That would be more than a ten-fold increase on current participation, about 200 growers.
At the GlobalGAP Summit Nov. 6-8 in Madrid, the Mexico City-based food safety and quality assurance organization projected 9,900 hectares (about 22,000 acres) will come under the certification within a year.
MexicoGAP is benchmarked to GlobalGAP standards.
To help boost the numbers, Mexico Supreme Quality recently signed an agreement with APEAM, the Association of Michoacán State Avocado Producers and Packers, which represents hass avocados imported into the U.S. from Mexico. That’s expected to establish food safety programs in about 500 orchards covering 8,900 hectares (about 20,000 acres), according to a news release.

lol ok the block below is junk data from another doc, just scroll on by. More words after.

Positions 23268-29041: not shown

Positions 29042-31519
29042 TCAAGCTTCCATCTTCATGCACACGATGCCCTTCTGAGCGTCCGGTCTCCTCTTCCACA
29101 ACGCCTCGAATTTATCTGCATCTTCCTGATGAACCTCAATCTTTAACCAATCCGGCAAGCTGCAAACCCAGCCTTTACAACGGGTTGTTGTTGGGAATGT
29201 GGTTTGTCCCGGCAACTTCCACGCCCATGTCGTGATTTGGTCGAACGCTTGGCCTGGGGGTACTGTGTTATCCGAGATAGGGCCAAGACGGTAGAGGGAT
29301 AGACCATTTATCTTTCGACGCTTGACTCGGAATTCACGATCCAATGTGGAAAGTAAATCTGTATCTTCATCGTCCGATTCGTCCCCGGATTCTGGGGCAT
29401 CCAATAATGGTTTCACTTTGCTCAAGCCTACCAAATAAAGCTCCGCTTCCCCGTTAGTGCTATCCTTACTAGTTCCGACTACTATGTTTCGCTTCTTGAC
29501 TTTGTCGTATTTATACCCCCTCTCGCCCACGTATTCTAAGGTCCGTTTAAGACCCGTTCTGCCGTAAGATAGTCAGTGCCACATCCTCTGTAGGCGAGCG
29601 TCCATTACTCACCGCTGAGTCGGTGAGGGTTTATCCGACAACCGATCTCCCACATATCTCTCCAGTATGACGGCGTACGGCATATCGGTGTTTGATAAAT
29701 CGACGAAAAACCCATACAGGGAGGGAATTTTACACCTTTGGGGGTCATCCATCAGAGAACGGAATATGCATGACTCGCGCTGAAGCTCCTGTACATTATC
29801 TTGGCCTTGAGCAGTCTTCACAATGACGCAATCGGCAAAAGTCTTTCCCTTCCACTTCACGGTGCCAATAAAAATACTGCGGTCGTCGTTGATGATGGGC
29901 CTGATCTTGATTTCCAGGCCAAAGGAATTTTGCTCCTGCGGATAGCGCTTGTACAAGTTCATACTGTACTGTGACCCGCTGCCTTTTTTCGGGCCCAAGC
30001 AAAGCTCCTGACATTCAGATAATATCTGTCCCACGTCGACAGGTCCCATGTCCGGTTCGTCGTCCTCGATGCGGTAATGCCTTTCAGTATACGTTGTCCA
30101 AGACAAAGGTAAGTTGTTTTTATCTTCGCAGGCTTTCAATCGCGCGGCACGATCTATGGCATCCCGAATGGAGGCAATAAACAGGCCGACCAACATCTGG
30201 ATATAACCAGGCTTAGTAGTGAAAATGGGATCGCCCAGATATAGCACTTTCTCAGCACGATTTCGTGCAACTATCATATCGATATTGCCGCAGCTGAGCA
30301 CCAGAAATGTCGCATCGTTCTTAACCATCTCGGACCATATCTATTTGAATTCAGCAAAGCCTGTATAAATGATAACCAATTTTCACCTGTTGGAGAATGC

Mexico Supreme Quality is funded by growers and by Senasica and Sagarpa, Mexico’s ministries of food safety and agriculture.
In a separate agreement, the organization and the government are backing a contamination risk reduction system with offers of training and technical assistance to growers.